In this exercise we're going to make it easier by showing and shading the minutes. Ask your child: what’s the time? If they answer "four forty" instead of "twenty to five" be sure to tell them it's correct but ask for the other way to say it: "twenty minutes to five".

  • Example 1  (ten minutes past three)
  • Example 2  (twenty minutes past nine)
  • Example 3  (twenty-five minutes past eleven)
  • Example 4  (quarter past six or fifteen minutes past six)
  • Example 5  (five minutes past seven)
  • Example 6  (ten minutes to two / one fifty)
  • Example 7  (five minutes to four / three fifty-five)
  • Example 8  (twenty minutes to six / five forty)
  • Example 9  (quarter to five / four forty-five)
  • Example 10 (twenty-five minutes to twelve / eleven thirty-five)

Step 6 - Minutes between 5 o'clock and 6 o'clock

In this exercise we've removed the shader and minute numbers and we're going to go through the times from 5 o'clock to 6 o'clock in 5 minute intervals. As before, take both "five thirty-five" and "twenty-five to six" as correct.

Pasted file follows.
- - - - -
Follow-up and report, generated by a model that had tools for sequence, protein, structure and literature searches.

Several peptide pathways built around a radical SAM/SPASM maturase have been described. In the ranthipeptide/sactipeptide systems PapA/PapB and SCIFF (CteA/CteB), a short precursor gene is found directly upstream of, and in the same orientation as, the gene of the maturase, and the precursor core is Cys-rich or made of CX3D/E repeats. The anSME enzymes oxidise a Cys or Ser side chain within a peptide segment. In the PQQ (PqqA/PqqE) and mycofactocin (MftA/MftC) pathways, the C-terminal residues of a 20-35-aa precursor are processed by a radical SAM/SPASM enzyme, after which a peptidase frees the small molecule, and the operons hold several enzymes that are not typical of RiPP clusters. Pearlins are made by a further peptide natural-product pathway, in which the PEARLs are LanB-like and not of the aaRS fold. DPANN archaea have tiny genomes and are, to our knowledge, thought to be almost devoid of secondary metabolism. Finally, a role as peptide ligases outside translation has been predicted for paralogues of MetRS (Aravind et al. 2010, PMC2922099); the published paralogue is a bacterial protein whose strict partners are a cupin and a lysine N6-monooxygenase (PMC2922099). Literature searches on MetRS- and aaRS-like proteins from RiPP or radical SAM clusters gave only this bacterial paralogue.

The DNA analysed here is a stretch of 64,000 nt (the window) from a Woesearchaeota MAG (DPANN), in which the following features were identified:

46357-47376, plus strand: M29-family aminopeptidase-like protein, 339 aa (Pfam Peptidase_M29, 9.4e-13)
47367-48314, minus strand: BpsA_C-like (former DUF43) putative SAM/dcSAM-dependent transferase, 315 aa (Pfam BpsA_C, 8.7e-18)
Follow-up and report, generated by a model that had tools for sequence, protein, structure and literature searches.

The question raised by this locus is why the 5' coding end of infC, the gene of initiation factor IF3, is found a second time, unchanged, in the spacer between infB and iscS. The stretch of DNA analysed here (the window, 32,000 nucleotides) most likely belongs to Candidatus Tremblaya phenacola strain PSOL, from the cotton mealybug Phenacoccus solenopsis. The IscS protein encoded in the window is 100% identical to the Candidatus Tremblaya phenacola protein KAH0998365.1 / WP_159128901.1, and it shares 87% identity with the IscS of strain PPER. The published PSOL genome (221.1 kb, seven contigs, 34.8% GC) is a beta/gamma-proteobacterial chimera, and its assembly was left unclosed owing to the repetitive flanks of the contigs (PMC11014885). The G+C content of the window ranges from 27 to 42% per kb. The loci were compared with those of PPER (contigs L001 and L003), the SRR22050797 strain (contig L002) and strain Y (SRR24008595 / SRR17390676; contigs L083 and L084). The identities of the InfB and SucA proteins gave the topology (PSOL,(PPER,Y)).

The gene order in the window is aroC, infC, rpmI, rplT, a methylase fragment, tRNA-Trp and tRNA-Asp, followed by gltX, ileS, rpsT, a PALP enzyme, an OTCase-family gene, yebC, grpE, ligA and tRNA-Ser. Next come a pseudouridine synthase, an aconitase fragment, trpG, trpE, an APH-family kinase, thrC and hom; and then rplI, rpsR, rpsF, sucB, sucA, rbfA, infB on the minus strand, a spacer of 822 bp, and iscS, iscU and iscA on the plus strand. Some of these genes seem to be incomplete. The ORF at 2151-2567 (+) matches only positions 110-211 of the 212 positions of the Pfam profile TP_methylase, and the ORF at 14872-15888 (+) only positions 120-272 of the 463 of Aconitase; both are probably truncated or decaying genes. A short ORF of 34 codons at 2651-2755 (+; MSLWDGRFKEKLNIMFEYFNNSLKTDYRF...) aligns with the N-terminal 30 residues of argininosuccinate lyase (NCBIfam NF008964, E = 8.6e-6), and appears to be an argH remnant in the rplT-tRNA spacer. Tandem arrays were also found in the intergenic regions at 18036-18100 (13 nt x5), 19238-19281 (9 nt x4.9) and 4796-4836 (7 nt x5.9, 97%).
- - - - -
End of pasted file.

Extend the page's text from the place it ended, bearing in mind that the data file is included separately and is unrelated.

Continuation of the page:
Step 7 - Minutes past the hour

What's the time?

Step 8 - Minutes to the hour

What's the time?

  • Example 1  (twenty minutes to four / three forty)
  • Example 2  (twenty-five minutes to eleven / ten thirty-five)
  • Example 3  (five minutes to eight / seven fifty-five)
  • Example 4  (twenty minutes to twelve / eleven forty)
  • Example 5  (quarter to ten / nine forty-five)

Step 9 - Tell the time to 5 minutes

What's the time?

  • Example 1  (half past six / six thirty)
  • Example 2  (quarter to nine / eight forty-five)
  • Example 3  (twenty-five minutes to six / five thirty-five)
  • Example 4  (twenty minutes past four)